Let's talk about the Deschutes River. You called dredging Mirror Pond a "simplistic fix." What is the Jim Clinton solution for the Drake Park section of river that is fast filling with silt?
We need a much clearer definition of what the options are. Some people are really afraid. We can reduce that fear if we get more scientific about it. I'd like to see whatever happens enhance the river. Worry about the riparian areas near the edge, work towards making those more natural, more wildlife-friendly. It could be more like a showcase of not just a stagnant pond but an active wildlife area that people could appreciate. And it'd make the river healthier.
And what about the Bridge Creek Water Project? It's currently on hold after a LUBA remand and a federal court injunction. What is your strategy moving forward on this issue?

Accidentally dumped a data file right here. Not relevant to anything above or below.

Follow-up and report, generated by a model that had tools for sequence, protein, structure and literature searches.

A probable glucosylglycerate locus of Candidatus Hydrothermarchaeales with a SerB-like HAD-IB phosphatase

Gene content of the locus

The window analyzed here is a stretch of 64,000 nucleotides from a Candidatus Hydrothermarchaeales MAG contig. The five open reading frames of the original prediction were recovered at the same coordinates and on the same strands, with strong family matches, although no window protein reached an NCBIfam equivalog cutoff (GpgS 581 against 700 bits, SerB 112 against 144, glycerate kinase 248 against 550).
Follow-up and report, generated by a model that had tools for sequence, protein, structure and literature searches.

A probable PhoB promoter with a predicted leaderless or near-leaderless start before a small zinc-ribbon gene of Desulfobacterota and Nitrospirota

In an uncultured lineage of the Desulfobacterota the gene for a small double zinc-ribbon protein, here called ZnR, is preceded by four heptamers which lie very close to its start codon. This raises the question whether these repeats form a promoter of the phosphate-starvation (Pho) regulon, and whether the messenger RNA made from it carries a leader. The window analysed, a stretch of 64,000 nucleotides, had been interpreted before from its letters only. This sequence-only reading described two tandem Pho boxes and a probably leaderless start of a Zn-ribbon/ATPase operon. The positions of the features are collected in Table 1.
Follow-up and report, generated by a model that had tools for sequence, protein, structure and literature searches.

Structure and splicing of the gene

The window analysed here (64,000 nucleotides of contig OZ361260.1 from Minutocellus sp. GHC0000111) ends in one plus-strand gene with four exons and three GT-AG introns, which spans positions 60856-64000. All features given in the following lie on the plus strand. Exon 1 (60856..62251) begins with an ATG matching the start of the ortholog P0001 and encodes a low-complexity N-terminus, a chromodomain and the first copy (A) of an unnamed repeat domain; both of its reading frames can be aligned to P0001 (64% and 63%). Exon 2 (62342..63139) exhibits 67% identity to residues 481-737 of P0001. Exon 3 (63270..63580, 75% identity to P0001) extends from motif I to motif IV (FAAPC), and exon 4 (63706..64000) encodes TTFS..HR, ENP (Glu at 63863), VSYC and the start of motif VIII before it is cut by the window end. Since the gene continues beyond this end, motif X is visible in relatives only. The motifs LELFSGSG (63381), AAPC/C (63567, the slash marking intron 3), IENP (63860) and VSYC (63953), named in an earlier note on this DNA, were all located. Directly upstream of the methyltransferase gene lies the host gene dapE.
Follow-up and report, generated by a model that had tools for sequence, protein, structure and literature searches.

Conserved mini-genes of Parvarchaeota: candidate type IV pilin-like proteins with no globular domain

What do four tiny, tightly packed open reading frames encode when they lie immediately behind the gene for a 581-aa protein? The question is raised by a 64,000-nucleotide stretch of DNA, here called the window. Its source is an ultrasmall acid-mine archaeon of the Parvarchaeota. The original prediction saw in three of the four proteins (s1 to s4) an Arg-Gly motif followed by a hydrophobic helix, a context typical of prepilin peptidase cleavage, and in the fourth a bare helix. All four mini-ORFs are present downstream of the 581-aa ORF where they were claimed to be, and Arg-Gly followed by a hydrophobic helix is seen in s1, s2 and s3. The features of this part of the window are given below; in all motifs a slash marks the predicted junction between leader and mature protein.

There got to be a pretty big disconnect between opponents of the water project and the city staff. The staff got the feel they were on the right track. Of the four people who got elected to the city council, all four of them were expressing serious reservations about the city's water project. To me, a $70 million project was asking too much.
You've been a city councilor for eight years. This term you said we'd see you take more of a leadership role on the council. How and where will we see you lead?
Helping the council to be more involved in a lot more decisions and projects. In some cases the city has gotten into hot water with some people in the community by not including them early and often. I'd like to see the council members more involved on some of the issues earlier, and working more closely with staff.
Is that going to involve council steering city staff instead of vice versa?
Sometimes the flow and authority can get a little out of balance. There have been a few cases, like this water project, where it didn't work out so well.